The last time we heard from Dalton McGuinty, he was testifying before a committee of the Ontario legislature on his election-eve decision to cancel the construction of two electricity plants, at a cost, it was belatedly revealed, in excess of $1 billion. McGuinty was, as ever, unrepentant. “It’s never too late,” he admonished the committee, “to do the right thing.”
Or the wrong thing, apparently. A year and a half after his tire-screeching departure from office, the former premier has registered to lobby the government he led, on behalf of an educational software company, Desire2Learn, that benefited from millions of dollars in grants from that same government. What is more, neither McGuinty nor any of his erstwhile cabinet seatmates seem able to see why anyone would have a problem with this. Which sort of tells you why it’s a problem, and why this government has run into so many such “problems.”
For their benefit, then, if nothing else, let’s step through this. Pretend for the moment that the company never received any benefit from the government during McGuinty’s premiership, including a $4.25-million grant in 2011. It would still be wrong for McGuinty to be lobbying the government on its behalf.
#1 — McGuinty’s lobbyist job just plain tacky
CNews | Court won’t reimburse Winnipeg man falsely accused of child murder
WINNIPEG — R.B. and his wife lost custody of their children for five years and spent over $100,000 defending R.B. against a charge he had murdered their 13-month old foster son before a judge tossed out the case, ruling there was absolutely no evidence to support a conviction.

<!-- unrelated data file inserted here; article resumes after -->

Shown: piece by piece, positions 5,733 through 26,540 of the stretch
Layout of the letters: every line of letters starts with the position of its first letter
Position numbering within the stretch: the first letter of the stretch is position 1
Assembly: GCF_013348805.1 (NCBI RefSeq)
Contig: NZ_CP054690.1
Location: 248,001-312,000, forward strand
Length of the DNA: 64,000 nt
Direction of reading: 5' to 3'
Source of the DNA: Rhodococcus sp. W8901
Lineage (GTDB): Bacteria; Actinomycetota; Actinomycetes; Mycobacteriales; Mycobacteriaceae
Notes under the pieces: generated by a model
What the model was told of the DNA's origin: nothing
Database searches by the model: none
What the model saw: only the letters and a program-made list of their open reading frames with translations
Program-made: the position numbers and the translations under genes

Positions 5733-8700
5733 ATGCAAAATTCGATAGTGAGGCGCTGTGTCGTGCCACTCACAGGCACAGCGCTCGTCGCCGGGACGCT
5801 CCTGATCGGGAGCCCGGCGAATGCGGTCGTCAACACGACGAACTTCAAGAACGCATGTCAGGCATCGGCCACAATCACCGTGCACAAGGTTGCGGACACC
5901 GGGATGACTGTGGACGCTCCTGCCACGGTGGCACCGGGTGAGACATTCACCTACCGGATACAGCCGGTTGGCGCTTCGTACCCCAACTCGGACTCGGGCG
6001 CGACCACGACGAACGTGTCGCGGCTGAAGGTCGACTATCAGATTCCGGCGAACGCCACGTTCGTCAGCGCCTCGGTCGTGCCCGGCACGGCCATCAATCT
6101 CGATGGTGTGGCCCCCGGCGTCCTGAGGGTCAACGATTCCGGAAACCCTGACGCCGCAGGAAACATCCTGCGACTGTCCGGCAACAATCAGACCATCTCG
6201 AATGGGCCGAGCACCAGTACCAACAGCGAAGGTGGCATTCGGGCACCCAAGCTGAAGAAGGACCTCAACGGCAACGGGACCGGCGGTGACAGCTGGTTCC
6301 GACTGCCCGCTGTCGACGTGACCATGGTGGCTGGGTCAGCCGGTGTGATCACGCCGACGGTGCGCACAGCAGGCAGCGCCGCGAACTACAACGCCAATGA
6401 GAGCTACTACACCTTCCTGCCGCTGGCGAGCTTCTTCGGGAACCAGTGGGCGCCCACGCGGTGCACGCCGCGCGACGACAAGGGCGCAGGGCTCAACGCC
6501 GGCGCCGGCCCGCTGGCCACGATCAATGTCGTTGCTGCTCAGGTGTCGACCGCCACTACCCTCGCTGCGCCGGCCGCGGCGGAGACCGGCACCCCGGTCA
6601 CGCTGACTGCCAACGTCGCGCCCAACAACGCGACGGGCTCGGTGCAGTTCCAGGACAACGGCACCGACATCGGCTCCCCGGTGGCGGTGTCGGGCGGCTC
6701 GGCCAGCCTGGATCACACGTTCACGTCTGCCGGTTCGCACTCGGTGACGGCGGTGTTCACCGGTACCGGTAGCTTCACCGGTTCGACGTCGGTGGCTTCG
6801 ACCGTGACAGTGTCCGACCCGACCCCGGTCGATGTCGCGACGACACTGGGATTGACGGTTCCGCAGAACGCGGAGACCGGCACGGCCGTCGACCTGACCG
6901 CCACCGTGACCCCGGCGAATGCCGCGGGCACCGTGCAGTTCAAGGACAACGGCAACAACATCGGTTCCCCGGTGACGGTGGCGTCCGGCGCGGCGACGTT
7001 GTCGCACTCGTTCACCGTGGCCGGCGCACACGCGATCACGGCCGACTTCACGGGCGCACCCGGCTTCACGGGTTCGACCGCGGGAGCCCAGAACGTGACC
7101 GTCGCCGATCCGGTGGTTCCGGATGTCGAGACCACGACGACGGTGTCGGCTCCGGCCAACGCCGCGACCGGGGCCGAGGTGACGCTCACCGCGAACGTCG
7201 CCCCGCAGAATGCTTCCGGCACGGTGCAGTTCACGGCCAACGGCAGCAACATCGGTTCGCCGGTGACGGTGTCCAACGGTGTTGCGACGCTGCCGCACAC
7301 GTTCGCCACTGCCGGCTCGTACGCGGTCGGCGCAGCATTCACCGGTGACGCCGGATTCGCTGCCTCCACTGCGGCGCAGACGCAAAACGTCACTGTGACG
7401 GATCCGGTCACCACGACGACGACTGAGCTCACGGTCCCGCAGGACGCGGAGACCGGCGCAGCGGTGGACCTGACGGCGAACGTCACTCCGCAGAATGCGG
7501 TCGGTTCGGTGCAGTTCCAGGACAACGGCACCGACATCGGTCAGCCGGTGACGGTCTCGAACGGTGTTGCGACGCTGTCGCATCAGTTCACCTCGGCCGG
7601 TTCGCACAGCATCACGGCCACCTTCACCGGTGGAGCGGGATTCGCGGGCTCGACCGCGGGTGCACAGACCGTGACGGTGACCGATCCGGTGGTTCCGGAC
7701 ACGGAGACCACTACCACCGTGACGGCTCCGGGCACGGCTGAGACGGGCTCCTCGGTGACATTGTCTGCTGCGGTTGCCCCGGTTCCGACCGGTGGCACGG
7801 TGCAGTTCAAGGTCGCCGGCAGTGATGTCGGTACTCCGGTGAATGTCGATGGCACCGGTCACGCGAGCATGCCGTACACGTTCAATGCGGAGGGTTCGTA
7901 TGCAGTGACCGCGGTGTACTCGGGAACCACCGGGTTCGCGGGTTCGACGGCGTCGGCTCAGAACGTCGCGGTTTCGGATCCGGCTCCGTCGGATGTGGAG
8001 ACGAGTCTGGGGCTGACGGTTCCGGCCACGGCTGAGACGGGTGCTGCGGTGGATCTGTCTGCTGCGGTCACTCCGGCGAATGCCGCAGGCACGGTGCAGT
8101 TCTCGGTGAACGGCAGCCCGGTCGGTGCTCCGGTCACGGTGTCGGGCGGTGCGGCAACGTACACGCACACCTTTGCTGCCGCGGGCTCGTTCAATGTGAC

Now, the same judge has rejected a motion that the Crown be ordered to pay the exonerated man’s court costs.
#2 — CTV | ‘T-Rex’ of winters ahead: Old Farmer’s Almanac
Brace yourself: the Old Farmer’s Almanac has revealed its predictions for Canada’s upcoming winter season, and it’s not great news.
#3 — Globe | Unknown bones found on Red River banks as search prepares for missing women
Bones found by volunteers scouring the shores of Winnipeg’s Red River for missing persons’ remains have been turned over to police for forensic analysis – the discovery prompting a call for more native-led searches for clues about Canada’s missing and murdered aboriginal women.
#4 — Postmedia | Dealing with foreign fighters who return home must go beyond imprisonment, experts say
With reports surfacing that some westerners fighting in Syria and other conflict zones have become fed up with what they signed up for, governments are wrestling with how to deal with this disillusioned bunch if they come home.
#5 — Sun | Wife of slain man said farm was being watched
LONDON, Ontario – The wife of a Caledon, Ont., man shot to death on the weekend recently told friends she’d gone to police after being frightened by men photographing and watching their farm.
#6 — BBC | Ebola outbreak: Guinea searches for missing health team